Nepal | September 21, 2019

Empower women thru education: Prince Harry

Himalayan News Service
British Prince Harry shakes hands with Nepali President Bidya Devi Bhandari during the Nepal Girl's Summit 2016 at Soaltee Crown Plaza in the Capital on Wednesday, March 23, 2016. Photo: UNICEF

British Prince Harry shakes hands with Nepali President Bidya Devi Bhandari during the Nepal Girl’s Summit 2016 at Soaltee Crown Plaza in the Capital on Wednesday, March 23, 2016. Photo: UNICEF

Kathmandu, March 23

Prince Harry today stressed the need for educating girls, saying education empowers them to improve their lives and the lives of everyone around them.

Addressing the Nepal Girl Summit-2016 held today in Kathmandu, Prince Harry who is on a five-day official visit to Nepal to commemorate 200 years of Nepal- UK relations said improved access to education can transform lives, families, communities and ultimately entire countries.

He stated that many young girls aged around 14 years were being forced out of school so she could get married. “We need to acknowledge that so many countries and cultures are failing to protect the opportunities of young women and girls in the way they do for boys,” he said, adding there were too many obstacles between girls and the opportunities they deserve.

“After marriage at young age, girls soon become locked in a cycle of illiteracy, poverty, ill health and ultimately powerlessness,” he said, adding, “Only education can break this cycle. When girls finish their schooling, they gain skills, knowledge and confidence. In short, they are empowered to improve their lives and the lives of everyone around them.”

He informed that his charity Sentebale has helped thousands of children access education and healthcare in Lesotho, Southern Africa and in Nottingham, England where he had seen firsthand the transformational effect of even the smallest opportunity in keeping a child away from gangs, keeping them in school and on track to a more fulfilling and prosperous life.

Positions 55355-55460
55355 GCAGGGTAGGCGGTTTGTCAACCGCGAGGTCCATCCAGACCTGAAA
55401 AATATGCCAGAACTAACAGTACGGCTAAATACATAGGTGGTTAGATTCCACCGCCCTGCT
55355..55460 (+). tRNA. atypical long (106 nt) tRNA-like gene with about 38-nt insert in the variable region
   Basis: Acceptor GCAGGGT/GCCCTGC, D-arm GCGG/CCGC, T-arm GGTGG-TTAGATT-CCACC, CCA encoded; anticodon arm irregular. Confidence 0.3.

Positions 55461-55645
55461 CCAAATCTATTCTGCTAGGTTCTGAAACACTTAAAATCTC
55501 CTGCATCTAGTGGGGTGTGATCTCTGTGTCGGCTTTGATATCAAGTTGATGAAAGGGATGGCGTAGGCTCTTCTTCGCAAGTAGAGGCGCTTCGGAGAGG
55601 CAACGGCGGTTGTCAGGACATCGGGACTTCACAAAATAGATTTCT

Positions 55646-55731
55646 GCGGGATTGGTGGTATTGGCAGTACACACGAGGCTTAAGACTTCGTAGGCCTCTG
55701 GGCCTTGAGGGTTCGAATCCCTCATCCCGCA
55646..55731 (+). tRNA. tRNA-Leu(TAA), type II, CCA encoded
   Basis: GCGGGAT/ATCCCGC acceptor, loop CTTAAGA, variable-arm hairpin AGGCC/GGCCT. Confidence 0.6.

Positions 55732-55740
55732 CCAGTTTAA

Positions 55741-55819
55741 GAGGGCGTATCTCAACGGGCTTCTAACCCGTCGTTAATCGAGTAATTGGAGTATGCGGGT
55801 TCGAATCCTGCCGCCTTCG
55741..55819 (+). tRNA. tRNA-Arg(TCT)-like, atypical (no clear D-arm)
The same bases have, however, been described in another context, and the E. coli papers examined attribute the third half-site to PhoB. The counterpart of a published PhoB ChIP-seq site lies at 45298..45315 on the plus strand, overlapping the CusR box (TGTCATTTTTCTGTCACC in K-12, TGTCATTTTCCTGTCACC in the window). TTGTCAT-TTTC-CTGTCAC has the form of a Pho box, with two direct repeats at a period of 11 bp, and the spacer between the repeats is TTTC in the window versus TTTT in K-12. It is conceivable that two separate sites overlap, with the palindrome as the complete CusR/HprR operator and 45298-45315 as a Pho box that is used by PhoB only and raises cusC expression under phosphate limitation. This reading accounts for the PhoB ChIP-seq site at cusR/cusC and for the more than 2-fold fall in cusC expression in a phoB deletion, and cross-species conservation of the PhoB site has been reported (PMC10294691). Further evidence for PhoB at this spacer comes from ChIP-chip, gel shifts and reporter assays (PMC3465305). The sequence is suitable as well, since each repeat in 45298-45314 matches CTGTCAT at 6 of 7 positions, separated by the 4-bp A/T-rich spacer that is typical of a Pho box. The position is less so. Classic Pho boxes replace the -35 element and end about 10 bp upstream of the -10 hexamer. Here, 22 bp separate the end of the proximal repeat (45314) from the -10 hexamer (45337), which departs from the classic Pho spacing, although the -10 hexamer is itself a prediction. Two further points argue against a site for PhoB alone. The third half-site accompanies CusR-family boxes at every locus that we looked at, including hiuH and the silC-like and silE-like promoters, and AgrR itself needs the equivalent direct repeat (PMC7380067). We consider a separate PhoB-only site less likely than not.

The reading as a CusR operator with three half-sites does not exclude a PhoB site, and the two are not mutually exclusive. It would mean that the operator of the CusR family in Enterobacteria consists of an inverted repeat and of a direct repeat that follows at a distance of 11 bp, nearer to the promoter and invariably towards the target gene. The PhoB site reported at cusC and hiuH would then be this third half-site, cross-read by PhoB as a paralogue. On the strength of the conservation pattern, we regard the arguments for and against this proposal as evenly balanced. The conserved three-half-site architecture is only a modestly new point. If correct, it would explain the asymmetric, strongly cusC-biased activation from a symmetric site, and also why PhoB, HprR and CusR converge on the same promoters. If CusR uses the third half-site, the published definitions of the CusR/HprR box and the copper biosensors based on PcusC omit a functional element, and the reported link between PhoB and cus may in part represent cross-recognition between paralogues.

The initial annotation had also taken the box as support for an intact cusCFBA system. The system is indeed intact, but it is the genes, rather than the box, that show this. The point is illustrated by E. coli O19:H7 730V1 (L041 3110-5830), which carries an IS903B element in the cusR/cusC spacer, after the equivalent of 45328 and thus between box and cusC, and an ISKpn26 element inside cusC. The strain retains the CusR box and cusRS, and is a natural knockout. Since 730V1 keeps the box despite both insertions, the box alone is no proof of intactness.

He also said that not only role models like President Bidhya Bhandari, the US First Lady Michelle Obama and activist Malala, men like him also need to speak openly and loudly about challenges young women face and the need to unlock the opportunities for young women and girls through the change in mindset of every family and community.

He mentioned that globally, 62 million girls were deprived of education and two-thirds of the nearly 800 million people who were never taught to read and write were women.

Similarly, around the world, more than 700 million women alive today were married as children and nearly 250 million of them were married before the age of 15.

While talking about Nepal in particular, nearly half of all women who are today in their twenties, thirties and forties were married before their eighteenth birthdays and a little under half gave birth while still in their teens, he said.

Prince Harry also admired women occupying the roles of President and Speaker as a powerful example of female leadership in Nepal. The Nepal Girl Summit-2016 saw participation of 59 girls and boys from 15 districts with high prevalence of child marriage.

Radhika Buda, one of the participants from Kalikot district, demanded quality education to live a dignified life.

Deputy Prime Minister and Minister for Women, Children and Social Welfare, CP Mainali expressed the government’s commitment to ending child marriage by 2030 as envisaged in Goal 5.3 of Sustainable Development Goals.


A version of this article appears in print on March 24, 2016 of The Himalayan Times.


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